Ben Bernanke launches blog defending actions as Fed chief
Lessons from the 2008 recession
Then-Fed chair Ben Bernanke and his fellow governors, desperate to avert complete disaster, plugged in the money-printing machine (actually, money printing is done electronically, with a few computer keystrokes).
The Fed balance sheet is now at nearly $4 trillion.
The European Central Bank began printing money in 2015: $2.6 trillion Euros over four years, or about 7,600 Euros for every person in the currency bloc. Japan, the UK and Switzerland have all done the same in differing amounts. The technical term for it is “quantitative easing.”
The central banks have used the oceans of new money to buy bonds from their own debt-addicted governments, with the intended result of lowering the cost of borrowing and encouraging risk-taking, which is at least one explanation for the nosebleed stock market levels nowadays, and the staggering levels of household debt here and in the U.S.
But there is serious pressure to do even more. Which brings us to Question Number Three: Winter is coming, and so is another recession. It is inevitable; 10 years have passed since the last one. What will we do this time? And…the punters.
One thing central banks won’t be able to do this time is lower interest rates significantly. As negative rates are already here. U.S. President Donald Trump, judging by his weekly rants about the incompetence of Federal Reserve Chairman Jerome Powell, whom Trump appointed, seems to think monetary policy should be in the hands of politicians like him. (Now that would be a confidence-inspiring move, wouldn’t it?). Trump thinks cutting U.S. interest rates even further is just the ticket.
Other politicians, on the left, are promoting Modern Monetary Theory, which posits that governments can print unlimited amounts of money without inflationary consequences. Some even want central banks to just start sending cheques to every household.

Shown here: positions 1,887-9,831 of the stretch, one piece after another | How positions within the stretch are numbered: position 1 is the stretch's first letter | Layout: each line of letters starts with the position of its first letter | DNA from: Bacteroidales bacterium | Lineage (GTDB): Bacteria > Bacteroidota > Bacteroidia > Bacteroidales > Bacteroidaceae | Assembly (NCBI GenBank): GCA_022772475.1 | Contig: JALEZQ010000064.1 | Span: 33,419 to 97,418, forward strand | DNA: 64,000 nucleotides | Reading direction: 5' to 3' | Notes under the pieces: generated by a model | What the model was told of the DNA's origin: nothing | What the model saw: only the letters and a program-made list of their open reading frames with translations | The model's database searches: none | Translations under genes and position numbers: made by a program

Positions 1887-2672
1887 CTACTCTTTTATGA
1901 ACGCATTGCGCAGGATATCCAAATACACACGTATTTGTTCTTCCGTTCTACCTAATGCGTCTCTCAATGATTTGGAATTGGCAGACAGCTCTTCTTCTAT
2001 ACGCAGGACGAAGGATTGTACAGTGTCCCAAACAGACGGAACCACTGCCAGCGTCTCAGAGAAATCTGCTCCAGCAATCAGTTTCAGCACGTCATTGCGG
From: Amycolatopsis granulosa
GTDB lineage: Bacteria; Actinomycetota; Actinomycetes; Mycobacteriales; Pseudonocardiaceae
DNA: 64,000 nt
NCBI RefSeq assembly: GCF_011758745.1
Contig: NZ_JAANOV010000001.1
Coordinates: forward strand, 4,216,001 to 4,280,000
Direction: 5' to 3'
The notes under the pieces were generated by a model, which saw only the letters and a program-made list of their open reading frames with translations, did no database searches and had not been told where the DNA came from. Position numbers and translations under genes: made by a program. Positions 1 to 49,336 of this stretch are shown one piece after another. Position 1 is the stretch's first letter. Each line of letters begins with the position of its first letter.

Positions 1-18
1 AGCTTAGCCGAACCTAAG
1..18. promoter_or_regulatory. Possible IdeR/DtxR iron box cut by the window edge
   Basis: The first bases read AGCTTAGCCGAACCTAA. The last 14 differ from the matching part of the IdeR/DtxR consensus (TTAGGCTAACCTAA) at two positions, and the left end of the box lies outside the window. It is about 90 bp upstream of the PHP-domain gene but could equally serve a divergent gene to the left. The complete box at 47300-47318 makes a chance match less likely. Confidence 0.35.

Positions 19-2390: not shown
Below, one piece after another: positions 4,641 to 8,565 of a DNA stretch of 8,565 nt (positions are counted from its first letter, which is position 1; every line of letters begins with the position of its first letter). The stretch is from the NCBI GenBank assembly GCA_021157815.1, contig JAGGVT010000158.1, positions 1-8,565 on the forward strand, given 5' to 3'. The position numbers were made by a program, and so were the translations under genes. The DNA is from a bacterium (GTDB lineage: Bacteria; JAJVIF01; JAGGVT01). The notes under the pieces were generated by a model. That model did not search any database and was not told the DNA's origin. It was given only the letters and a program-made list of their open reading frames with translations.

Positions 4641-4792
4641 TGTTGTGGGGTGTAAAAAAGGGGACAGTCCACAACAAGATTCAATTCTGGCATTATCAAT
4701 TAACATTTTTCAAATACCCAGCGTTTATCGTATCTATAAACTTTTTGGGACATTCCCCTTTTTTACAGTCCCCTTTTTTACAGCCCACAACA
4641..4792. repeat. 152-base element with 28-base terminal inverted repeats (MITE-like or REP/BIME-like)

(Actually, Trump is right over there with the leftists, if you think about it: pro-spending, pro-debt, and pushing for even looser monetary policy).
And of course the central banks are increasingly shackled by the fact that citizens and governments owe so very much; at this point, having helped create this mess to save us all from the earlier mess, they haven’t much choice but to leave interest rates where they are for many years to come.
This much is absolutely true: we are in unknown territory, out past the “here be monsters” sign. None of us has any idea how this will turn out, economists included. As we saw in 2008, the collateral damage when things start to go badly can be devastating. Personally, I have a bad feeling about it all, but then I’m not an economist.
I’m with Bruce Springsteen, also a non-economist, who once put it this way: “Blind faith in your leaders … will get you killed.”
By “you,” he did not mean the top .5 per cent, with their insider information and high-speed trading algorithms and political influence and vast, expanding piles of cash. They’ll be fine. When Donald Trump, a member of that cohort, said in 2015 that the system is rigged, he was right, just not in the way he meant.